The following is from a news release from the Office of Speaker Therese Terlaje regarding  both bills:

Bill 13-37 (COR)

On the first day of legislative session, a motion was made by Speaker Therese Terlaje, notwithstanding the objections of the Governor, to move Bill 13-37 to the voting file for override which passed without objection on the floor.  The measure, which originally passed unanimously and was subsequently vetoed, ensures the applicability of the Open Government Law to Twenty-First Century Healthcare Center Committee, requiring public notices, allowing public attendance, and public access to committee records. The bill also adds medical professionals, mayors, and the legislative health chair to the planning committee for the medical campus, allowing them the opportunity to address concerns where they were not previously engaged.

Bill 12-37 (COR)

Speaker Terlaje plans to make a motion for an override of Bill 12-37 on Wednesday and stated, “Guam taxpayers are bearing the costs.  It is not free.  They are entitled to know what they are being committed to for decades and if they will be satisfied with the product.”  Bill 12-37 would simply require legislative approval of leases for land controlled by federal government in excess of 5 years.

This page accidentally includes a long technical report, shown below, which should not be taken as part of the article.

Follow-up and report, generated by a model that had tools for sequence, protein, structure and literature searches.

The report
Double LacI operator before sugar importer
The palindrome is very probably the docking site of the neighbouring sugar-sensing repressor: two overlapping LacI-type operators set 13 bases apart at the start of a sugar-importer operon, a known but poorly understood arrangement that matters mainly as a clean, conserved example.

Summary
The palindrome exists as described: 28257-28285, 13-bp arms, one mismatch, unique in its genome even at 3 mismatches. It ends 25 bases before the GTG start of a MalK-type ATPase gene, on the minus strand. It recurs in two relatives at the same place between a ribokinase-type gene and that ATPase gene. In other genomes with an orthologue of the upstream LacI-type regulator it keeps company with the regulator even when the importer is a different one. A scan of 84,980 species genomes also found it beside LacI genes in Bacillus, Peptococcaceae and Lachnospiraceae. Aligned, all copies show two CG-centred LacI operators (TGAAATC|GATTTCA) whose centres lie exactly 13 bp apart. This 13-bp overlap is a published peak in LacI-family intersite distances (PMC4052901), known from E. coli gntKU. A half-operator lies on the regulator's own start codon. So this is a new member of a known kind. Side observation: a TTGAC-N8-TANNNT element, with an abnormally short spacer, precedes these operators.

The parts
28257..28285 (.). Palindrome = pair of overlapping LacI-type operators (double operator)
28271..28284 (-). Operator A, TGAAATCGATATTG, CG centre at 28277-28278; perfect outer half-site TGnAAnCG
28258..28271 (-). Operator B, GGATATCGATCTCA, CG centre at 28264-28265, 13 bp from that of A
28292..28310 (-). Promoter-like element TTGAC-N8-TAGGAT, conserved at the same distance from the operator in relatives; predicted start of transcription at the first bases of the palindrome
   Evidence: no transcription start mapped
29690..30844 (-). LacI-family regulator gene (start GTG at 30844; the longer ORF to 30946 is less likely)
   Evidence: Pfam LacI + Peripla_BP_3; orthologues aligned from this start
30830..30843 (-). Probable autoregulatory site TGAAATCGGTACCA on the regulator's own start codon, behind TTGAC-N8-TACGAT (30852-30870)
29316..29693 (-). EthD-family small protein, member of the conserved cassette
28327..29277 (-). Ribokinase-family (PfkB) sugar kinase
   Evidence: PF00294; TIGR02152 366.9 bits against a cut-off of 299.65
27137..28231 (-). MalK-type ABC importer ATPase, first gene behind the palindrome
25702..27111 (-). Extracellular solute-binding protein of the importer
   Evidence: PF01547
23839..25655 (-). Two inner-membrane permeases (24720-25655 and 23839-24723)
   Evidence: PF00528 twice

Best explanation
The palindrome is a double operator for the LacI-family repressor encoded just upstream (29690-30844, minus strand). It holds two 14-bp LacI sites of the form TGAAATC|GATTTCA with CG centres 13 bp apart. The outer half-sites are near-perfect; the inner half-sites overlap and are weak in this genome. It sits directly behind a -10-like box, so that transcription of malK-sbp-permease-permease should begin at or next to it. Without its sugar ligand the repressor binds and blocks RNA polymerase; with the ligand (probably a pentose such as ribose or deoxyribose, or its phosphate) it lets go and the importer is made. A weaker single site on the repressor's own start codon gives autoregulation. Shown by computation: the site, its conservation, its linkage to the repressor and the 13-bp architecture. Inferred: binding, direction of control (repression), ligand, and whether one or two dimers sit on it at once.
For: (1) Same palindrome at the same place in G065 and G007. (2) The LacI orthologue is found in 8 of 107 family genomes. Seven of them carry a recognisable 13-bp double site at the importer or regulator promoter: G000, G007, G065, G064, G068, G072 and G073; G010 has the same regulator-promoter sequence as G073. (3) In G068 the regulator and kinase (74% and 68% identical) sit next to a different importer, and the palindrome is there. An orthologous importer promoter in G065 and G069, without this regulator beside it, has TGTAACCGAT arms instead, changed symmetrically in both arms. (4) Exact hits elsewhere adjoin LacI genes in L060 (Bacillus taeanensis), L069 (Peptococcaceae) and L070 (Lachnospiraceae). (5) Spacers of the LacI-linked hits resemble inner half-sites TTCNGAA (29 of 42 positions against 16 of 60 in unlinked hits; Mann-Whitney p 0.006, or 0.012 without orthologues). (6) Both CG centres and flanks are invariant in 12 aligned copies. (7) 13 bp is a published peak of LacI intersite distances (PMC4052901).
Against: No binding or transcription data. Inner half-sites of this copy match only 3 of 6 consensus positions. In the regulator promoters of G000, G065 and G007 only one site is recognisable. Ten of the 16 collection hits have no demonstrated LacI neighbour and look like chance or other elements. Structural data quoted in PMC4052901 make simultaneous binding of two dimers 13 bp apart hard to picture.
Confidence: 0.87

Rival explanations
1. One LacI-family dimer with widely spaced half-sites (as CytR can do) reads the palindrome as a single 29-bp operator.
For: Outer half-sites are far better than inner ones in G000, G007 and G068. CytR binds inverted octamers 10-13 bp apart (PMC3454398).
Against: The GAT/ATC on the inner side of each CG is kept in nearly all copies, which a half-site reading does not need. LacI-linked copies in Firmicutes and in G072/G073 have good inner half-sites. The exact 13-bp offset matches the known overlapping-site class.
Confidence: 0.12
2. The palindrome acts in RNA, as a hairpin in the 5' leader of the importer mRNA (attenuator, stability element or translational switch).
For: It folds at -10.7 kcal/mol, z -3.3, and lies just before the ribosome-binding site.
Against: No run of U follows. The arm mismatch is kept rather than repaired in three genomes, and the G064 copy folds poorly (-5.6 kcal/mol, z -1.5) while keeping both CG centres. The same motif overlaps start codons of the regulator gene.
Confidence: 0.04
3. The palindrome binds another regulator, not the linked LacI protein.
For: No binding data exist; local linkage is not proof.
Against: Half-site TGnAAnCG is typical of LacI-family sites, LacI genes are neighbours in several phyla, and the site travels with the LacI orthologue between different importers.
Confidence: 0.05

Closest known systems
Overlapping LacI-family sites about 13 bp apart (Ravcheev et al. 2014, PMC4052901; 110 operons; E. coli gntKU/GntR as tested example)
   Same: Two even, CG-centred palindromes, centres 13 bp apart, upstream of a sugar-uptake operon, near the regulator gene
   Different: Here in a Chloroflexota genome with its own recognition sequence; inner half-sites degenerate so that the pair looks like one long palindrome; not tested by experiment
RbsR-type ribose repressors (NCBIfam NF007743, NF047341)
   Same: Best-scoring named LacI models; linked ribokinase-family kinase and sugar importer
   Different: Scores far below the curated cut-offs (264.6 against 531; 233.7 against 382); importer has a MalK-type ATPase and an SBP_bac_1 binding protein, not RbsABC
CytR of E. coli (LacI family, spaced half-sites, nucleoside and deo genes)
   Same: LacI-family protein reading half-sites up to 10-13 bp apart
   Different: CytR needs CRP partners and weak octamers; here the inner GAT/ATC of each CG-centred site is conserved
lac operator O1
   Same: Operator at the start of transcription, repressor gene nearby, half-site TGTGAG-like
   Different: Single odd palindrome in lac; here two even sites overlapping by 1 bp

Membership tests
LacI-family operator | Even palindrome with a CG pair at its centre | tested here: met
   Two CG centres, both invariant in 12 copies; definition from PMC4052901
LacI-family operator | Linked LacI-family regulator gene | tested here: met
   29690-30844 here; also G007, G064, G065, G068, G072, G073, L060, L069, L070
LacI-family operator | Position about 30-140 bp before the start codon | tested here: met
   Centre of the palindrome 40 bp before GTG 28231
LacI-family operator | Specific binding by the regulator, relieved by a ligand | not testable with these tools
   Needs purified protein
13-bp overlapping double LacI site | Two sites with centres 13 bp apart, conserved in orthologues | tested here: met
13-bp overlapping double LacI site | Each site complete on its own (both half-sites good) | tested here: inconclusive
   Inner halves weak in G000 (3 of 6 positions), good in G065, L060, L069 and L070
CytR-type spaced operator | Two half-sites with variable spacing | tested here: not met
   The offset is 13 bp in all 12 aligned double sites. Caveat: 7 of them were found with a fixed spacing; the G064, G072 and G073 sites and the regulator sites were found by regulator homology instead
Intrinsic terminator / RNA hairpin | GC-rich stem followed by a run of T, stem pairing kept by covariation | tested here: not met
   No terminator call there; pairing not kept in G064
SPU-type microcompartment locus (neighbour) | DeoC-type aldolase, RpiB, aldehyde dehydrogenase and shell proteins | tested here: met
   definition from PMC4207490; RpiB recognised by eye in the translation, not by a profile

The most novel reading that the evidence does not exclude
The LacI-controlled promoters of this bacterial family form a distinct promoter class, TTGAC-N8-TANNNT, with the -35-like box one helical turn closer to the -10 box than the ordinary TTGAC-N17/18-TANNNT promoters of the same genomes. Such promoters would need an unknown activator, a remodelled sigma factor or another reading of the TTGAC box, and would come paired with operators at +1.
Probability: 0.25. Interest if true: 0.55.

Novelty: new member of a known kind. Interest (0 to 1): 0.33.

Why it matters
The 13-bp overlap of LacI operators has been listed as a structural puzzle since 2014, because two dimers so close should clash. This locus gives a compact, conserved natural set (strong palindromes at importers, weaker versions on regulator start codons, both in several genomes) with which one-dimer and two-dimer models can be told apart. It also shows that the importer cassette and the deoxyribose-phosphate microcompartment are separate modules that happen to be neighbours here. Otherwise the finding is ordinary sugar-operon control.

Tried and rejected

Both bills were vetoed by the Governor with a 5-page letter attached which makes inaccurate assertions of consequences and the intent of the bills.  Speaker Terlaje stated, “what is in these plans that would cause anyone to reach the conclusion that if publicly vetted, there would be no hospital?  I have supported not only funding for capital improvements for the current hospital, but also to begin the process of funding and building a new hospital.  Right now, the 50-year lease we have seen says details will be provided only after the lease is signed, regarding the facility requirements of the military and the in-kind contributions that may be used to offset the almost $1 million lease payments for over 40 years.  This is concerning.”

Speaker Terlaje added, “I have been consistent that this level of public indebtedness that will affect generations must come before the legislature and be opened up to the public to ensure that all terms of the deal, including the lease, are in the best interest of the people.”

Bill 13-37 was placed in the voting file for an override vote without objection. The motion for the override of Bill 12-37 will be made when session reconvenes on Wednesday, March 29, 2023, at the Guam Congress Building.